Back in Vogue

None of the above trends are fixed in place. The market is constantly in flux because it is really nothing more than a big popularity contest. Factors such as company size and economic sector traipse in and out of favor like hemlines and eye-shadow colors.

One of the most well-known swings historically is a seven-year cycle of preference between large-caps and small-caps. Because we're right at the end of a seven-year preference for smaller stocks, it shouldn't surprise anyone to see large-caps come into favor in a big way and remain in favor for quite some time.

If you just got started investing in a serious way in the past few years, you might not realize that there have been long periods in which small and medium-sized companies were not considered suitable investments. The year 1998 was a great example, when the S&P Small Cap 600 was down 2% while the Dow was up 17%.

Again in 1999, the S&P 600 was up 11%, but the Dow was up more than twice as much, with a 25% gain. At those times, you couldn't get investors to even think about small-caps. Pretty soon, sentiment completely reversed.

Since the latter part of last summer, I've been arguing that the market has started a new leg of a big bull market. It was kicked off by a single important event, and that was the end of an 18-month regime of interest rate increases by the

Federal Reserve

in August.

Once the Fed took its foot off the throats of borrowers with more accommodating monetary policy, investors felt a lot more comfortable with the potential for earnings to grow and price-earnings multiples to expand. With brief interruptions, the market has operated in full bull market mode since.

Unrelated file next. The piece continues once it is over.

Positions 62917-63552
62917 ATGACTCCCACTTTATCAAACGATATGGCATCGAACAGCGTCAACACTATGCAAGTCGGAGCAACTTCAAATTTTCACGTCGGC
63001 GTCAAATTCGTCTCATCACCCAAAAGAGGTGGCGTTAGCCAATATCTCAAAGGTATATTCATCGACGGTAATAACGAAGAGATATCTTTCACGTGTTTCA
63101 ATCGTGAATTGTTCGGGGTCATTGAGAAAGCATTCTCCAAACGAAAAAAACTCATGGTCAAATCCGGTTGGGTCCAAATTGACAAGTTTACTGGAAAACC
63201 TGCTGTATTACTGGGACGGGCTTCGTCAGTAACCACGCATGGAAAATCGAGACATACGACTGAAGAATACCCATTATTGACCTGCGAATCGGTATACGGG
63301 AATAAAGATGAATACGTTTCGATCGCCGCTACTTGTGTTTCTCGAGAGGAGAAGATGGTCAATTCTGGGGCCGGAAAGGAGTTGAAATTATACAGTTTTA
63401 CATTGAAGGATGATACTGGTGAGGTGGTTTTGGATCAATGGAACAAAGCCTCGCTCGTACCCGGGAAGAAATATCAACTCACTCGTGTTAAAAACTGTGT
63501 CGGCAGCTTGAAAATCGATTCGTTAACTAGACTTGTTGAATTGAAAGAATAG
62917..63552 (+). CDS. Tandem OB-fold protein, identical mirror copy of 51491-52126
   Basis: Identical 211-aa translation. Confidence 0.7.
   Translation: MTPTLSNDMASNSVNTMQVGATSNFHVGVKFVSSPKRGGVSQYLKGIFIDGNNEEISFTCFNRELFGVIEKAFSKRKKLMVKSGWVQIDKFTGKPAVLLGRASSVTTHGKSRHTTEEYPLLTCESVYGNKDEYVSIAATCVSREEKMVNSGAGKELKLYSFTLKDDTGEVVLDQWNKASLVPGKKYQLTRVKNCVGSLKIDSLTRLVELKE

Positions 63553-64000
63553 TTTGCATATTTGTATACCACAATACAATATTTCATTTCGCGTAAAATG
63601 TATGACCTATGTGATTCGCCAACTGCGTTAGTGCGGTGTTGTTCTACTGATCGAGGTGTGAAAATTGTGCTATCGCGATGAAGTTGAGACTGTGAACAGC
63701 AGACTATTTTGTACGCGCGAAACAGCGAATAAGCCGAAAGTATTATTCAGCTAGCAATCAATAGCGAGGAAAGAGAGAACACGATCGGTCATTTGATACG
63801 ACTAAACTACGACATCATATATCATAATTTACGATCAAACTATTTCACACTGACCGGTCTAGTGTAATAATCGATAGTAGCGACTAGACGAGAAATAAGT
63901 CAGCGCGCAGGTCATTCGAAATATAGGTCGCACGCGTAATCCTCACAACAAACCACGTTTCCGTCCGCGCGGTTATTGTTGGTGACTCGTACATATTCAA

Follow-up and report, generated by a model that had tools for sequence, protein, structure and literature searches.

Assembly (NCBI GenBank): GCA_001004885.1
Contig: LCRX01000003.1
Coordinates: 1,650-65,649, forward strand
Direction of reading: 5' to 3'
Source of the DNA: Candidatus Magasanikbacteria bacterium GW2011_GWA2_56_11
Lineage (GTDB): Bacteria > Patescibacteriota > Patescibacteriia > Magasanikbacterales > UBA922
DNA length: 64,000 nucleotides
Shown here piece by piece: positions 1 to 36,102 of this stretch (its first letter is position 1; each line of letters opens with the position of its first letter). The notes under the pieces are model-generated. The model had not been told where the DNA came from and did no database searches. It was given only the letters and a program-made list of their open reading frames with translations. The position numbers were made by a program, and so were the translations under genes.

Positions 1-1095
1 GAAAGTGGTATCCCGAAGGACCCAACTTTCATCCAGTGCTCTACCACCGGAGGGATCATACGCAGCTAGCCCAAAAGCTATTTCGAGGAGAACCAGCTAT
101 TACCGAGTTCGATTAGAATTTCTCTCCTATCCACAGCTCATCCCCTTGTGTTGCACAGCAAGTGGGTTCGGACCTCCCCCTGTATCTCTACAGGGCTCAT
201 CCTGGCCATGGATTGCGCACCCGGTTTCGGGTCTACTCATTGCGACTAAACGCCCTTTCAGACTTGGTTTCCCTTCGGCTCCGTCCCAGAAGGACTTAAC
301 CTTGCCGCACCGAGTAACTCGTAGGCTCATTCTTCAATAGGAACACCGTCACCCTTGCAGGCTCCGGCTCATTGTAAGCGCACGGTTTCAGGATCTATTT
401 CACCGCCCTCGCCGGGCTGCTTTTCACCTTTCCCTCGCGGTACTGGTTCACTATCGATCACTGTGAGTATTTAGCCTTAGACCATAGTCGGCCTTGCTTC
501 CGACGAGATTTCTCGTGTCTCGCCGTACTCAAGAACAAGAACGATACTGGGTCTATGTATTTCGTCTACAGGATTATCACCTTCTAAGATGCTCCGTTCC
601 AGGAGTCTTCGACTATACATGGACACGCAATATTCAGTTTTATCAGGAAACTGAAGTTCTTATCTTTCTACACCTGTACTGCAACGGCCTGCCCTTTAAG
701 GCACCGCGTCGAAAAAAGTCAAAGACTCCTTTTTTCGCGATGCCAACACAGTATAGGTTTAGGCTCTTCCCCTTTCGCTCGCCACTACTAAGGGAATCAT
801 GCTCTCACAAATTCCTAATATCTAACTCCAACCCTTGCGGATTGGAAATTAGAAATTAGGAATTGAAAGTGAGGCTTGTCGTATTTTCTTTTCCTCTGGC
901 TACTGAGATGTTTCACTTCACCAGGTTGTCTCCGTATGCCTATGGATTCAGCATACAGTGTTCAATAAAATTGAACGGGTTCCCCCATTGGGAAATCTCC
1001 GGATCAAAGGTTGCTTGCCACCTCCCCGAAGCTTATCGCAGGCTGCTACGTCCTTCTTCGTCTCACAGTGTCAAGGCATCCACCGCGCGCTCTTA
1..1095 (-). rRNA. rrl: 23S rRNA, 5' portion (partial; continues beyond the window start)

There are moments such as early March when you don't believe it, but until we get real evidence to the contrary, signs of a broadening of demand suggest that stocks should continue to rise. My research into cycles suggests there could be a nasty setback in August-October, but the market should recover all of its losses by the end of the year.

One near-horizon catalyst for higher prices will come from formerly bearish hedge fund managers who finally come to grips with the notion that their point of view is not panning out.

Even short-sellers care about quarterly returns, as that is how investors judge their performance; theirs are going to look bad to clients come the end of this June if the market doesn't go down big and stay that way.

Squeezing Out the Gains

My guess is that if the market does not indeed go down much between now and early June, the short-sellers are going to begin to panic.

They will cover their shorts by buying stocks, and bulls will make life very hard on them by "squeezing" the most heavily shorted stocks like there's no tomorrow. There's nothing quite like a good, old-fashioned short-squeeze to push the market much higher in a hurry, so keep an eye out for the possibility of a "melt-up" by summer.

To play along at home, you can just buy the exchange-traded fund covering the Dow, the

Diamonds Trust

(DIA) - Get SPDR Dow Jones Industrial Average ETF Trust Report

. You could supplement that with the top-rated stocks from the Dow 65 Composite, which brings the Dow Jones Transportation Index and Dow Jones Utilities Index into your mix.

At the time of publication, Markman was long Exxon Mobil and Hewlett-Packard, although positions may change at any time.

Jon D. Markman is editor of the independent investment newsletter The Daily Advantage. While Markman cannot provide personalized investment advice or recommendations, he appreciates your feedback;